Campbell-Ewald Company v Gomez

Gomez filed suit against Campbell alleging violations of federal law by Campbell when it sent text messages to Gomez without consent. Campbell made a Rule of Civil Procedure 68 offer to settle Gomez’s individual claim which Gomez allowed to lapse. Campbell moved to dismiss arguing the rejected offer mooted the case and for judgment on sovereign immunity grounds as the text messages were sent on behalf of the United States Navy. The 9th Circuit ultimately rejected both arguments. Resolving a circuit a split on the effect of a rejected Rule 68 offer to settle, the Court, 6(5 justice majority plus Thomas concurring in judgement)-3, affirmed. The majority held that the Rule 68 offer, like all contract offers, did not create any rights or settle the case as Gomez did not accept it, Campbell denied liability and the parties wee thus in the same situation as before the offer. The majority noted Rule 68 itself has a consequence for not accepting the offer namely liability for costs incurred by the offering party after the offer lapses. The majority left open the question of whether depositing the amount offered with the district court would change the analysis. As to immunity, the majority held that derivative sovereign immunity was not available to Campbell at this stage of the case as the evidence, viewed in the light most favorable to Gomez, showed the navy instructed Campbell to only send text messages to those who agreed to receive unsolicited texts and Gomez did not consent. Justice Thomas concurred in judgment arguing that common law of tender provides the correct rule of analysis and here Campbell’s Rule 68 offer did not strip the district court of jurisdiction as money to pay the amount claimed by Gomez was never actually tendered and Campbell did not admit liability. Chief Justice Roberts, joined by Scalia and Alito, dissented arguing that the offer to pay Gomez all he was entitled to under the statute mooted the case as there is no live dispute between the parties. Justice Alito added a dissent arguing that Campbell is able and willing to pay what it offered to pay and thus the case is moot.

Kansas v Carr

Kansas appealed the Kansas Supreme Court’s decision vacating Carr’s and two other death sentences for failure to inform the sentencing jury that mitigating circumstances do not need to be proven beyond a reasonable doubt and that Carr and his brother should have received separate sentencing hearings. . The Court, 8-1, reversed. The majority held that the Kansas Supreme Court decision was based on the 8th Amendment and thus the Court had jurisdiction to decide the case. It held that precedent established there is no duty to inform juries of any burden of proof about mitigating circumstances and in any event the system is set up for the jury to extend or deny mercy and in any event the jury was told they merely needed to find mitigating circumstances exist while aggravating circumstances need to be proven beyond a reasonable doubt and further told mitigation need only be accepted by juror individually. Turning to the joint sentencing issue, the majority held that the joint hearing did not require vacation of the death sentences as joint hearings are preferable to limit the possibility of arbitrary sentencing, the introduction of some evidence that would have been barred in a separate hearing did not infect the sentencing to the point where due process was violated particularly in light of the cruel and depraved acts recounted by the sole survivor of the killing spree and the limiting instructions to the jury to consider the evidence as to each defendant separately. Justice Sotomayor dissented arguing the Kansas Supreme Court decision was based on state law and thus unreviewable and the majority here limits the ability of states to experiment with procedures to best guarantee fair trials including capital sentencing hearings.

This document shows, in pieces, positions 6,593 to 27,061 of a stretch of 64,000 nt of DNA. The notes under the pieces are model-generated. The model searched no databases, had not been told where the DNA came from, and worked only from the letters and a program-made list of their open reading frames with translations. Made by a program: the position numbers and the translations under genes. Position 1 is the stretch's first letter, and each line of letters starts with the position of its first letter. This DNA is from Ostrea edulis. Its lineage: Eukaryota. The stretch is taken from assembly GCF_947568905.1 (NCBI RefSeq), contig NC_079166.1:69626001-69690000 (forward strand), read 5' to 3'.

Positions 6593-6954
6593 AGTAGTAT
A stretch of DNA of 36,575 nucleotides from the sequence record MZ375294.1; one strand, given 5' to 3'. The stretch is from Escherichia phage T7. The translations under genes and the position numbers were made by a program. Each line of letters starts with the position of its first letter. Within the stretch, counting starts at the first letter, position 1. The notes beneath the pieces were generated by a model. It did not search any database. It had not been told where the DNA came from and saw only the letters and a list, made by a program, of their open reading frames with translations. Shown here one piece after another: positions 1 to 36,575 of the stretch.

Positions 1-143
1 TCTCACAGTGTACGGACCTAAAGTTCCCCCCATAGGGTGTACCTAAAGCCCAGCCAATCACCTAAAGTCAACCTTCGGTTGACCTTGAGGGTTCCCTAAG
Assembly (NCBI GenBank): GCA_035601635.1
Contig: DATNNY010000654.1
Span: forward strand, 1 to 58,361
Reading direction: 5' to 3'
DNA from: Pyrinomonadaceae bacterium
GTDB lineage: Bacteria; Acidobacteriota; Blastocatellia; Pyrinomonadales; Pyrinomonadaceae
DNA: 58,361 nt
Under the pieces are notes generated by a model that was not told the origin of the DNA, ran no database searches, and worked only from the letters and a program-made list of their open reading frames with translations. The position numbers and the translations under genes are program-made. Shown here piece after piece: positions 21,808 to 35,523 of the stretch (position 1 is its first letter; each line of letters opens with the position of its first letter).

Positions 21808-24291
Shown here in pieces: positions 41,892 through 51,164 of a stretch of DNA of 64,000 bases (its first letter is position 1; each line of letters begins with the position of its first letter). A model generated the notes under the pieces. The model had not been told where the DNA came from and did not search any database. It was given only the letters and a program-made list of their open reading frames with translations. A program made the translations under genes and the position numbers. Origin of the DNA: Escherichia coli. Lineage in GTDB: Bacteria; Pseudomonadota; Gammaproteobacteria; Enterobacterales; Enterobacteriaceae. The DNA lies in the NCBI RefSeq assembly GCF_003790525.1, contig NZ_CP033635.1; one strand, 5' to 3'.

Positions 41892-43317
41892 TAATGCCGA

Montanile v. Board of Trustees of Nat. Elevator Industry Health Benefit Plan

Montanile appealed the 11th Circuit’s decision that Board could recover medical expenses from his general assets under 29 USC 1132(a)(3). Resolving a circuit split, the Court, 8-1, reversed. The majority held that while Board’s lien under the plan on Montanile’s recovery from the third party wrongdoer was equitable, it did not extend to general assets if the recovery was dissipated because spending the recovery on nontraceable items destroyed the lien under equitable principles as understood in 1938 when equity and law merged into one federal system. The majority held the result did not change under Board’s arguments because liens by agreement do not extend to nontraceable items, recovery under the stolen assets doctrine is not available on these facts as Bard seeks general assets not items traceable to the recovery and whether or not recovery here would serve ERISA’s objectives recovery against general assets is not available in equity which is the specific issue here (Alioto did not join this last point). The case was remanded to analyze what dissipation actually occurred. Ginsberg dissented arguing the Court’s precedent on 1132(a)(3) actions is erroneous.